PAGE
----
A piece in today’s Times:
Nearing 50, Neil McClements applied for an NHS job taking hospitals over to new technology. He scored top marks at interview and met the female team, eldest member 33. But oh dear: for all his experience they found him “nothing like” the young woman he would replace. They chose “a better fit”, a woman in her twenties who did less well at interview but was more like them.
The doctor who would have been his boss airily explained that she would be uncomfortable giving direction to a man with an 11-year-old daughter. He claimed age and sex discrimination. He won. Good.
It is true that women have a history of being discriminated against and patronised, but that is no excuse to circle the wagons now and be as blindly prejudiced about age and sex as any 1950s buffer. And frankly, if a manager is “uncomfortable” about giving orders, she shouldn’t be in the job herself. Indeed, it implies a nasty typecasting of middle-aged men: calling them “gammons”, perhaps, and assuming that they hold outdated views.
The pity is not just the unfairness but the team’s timidity, despite all millennial mantras, about real diversity. For if there is one thing worse than a workplace full of weary old codgers it is one staffed by socially identical, group-thinking youngsters with short memories and opinions machine-cut by their peers. I don’t presume that this NHS team was like that — but if they’d got away with discarding a middle-aged dad on principle it would be a terrible precedent.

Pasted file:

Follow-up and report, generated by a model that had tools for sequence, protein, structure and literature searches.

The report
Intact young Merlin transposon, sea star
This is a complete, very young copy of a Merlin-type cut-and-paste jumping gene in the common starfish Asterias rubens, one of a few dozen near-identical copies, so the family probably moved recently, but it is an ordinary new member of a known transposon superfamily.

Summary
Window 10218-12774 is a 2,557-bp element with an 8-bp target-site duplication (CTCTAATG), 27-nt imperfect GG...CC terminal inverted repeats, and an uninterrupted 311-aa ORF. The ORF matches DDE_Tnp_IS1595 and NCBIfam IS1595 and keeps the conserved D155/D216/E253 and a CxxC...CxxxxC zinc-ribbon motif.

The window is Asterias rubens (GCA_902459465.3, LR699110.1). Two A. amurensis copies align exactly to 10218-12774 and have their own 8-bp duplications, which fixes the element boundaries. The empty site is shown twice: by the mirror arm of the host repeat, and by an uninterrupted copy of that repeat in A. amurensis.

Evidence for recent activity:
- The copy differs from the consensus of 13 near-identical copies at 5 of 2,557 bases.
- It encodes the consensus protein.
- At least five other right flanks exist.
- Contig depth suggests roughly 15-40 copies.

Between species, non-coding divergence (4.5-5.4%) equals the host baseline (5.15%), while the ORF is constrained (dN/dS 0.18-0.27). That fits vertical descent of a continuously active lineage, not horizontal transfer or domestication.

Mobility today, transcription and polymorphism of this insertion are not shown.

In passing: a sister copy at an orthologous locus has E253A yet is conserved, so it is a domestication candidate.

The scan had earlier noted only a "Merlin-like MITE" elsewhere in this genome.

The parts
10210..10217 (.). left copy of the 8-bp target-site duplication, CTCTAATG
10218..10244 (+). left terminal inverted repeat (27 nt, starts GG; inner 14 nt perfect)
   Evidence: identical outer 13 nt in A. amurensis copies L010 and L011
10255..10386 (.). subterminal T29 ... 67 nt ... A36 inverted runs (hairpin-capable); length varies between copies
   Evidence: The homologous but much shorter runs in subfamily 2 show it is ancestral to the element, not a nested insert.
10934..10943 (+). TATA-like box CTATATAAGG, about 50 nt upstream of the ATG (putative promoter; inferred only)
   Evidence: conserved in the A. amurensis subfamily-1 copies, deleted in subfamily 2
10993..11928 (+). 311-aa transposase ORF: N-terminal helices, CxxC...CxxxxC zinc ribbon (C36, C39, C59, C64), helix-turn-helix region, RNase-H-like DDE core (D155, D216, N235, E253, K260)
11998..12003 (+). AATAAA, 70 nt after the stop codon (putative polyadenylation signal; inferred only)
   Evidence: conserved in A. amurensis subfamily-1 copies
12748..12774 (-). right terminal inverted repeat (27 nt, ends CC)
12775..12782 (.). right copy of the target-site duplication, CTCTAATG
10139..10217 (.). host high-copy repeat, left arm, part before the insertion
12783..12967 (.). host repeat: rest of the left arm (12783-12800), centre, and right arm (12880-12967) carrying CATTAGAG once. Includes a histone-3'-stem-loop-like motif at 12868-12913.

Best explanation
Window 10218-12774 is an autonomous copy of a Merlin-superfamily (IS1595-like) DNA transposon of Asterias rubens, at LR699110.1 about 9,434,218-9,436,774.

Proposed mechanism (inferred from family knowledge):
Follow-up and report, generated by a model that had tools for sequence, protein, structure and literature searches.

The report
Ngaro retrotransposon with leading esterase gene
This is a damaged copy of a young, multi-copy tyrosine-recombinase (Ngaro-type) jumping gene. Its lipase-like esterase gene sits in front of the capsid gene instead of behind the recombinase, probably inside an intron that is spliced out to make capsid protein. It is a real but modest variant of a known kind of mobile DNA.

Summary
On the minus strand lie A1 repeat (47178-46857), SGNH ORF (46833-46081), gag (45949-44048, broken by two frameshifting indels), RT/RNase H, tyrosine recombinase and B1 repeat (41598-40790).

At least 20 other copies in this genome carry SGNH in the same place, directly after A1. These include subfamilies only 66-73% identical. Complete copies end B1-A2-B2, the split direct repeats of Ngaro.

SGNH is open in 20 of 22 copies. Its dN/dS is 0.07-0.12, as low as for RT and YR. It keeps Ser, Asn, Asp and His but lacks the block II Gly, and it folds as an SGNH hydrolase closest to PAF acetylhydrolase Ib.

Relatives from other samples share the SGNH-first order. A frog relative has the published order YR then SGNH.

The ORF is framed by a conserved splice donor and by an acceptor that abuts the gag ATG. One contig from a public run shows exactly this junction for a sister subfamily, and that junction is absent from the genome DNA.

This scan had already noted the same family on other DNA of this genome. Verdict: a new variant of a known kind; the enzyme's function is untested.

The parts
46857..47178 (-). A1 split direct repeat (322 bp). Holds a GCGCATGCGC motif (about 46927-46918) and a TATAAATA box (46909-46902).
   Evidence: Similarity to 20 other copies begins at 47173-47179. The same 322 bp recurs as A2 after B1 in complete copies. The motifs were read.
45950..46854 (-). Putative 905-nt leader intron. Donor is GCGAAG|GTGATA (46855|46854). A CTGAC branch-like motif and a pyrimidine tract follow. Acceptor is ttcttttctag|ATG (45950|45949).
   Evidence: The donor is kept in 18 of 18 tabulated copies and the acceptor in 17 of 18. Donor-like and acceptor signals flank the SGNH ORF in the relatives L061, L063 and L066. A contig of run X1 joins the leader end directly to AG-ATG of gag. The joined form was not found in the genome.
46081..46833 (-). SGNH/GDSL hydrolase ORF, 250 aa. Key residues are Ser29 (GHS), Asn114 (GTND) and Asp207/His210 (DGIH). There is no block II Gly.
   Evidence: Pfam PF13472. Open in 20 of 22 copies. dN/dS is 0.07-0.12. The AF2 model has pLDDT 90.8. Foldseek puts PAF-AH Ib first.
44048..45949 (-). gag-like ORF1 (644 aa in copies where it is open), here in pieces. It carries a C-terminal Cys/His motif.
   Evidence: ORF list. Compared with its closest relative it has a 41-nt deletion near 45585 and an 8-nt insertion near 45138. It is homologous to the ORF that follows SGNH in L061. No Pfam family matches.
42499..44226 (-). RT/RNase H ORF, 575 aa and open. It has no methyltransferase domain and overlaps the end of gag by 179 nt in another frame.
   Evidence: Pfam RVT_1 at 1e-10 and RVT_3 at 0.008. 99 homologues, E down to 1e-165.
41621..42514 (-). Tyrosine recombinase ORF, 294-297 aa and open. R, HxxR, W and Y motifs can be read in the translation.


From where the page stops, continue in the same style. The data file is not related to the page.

An extended family is a better working model than either a sixth-form cabal or a retirement home. We know that mixed-sex workplaces do well, and so do ones with an age mix. Ideas need challenging from different perspectives: a good team is thus wiser than the sum of its parts.
Sometimes a bright kid vaults over the problem, sometimes it’s an avuncular newcomer, like Robert De Niro in that refreshing film The Intern. If anyone is dragging things down it is as likely to be a dewy but idle youngster as a dozing dad or a sniffing auntie.
The theory that middle-aged men can’t take orders from younger women is rubbish, too. I spent my youth in the Radio 4 Today office watching Brian Redhead and John Timpson being crisply directed by bright young woman producers.
Or think of veteran actors meekly taking direction from gifted tyros, eminent writers accepting briefs from baby editors and nervous chaps on holiday humbly taking instruction on skiing or river-rafting from some slip of a girl. Authority and competence always matter; age and gender rarely do.
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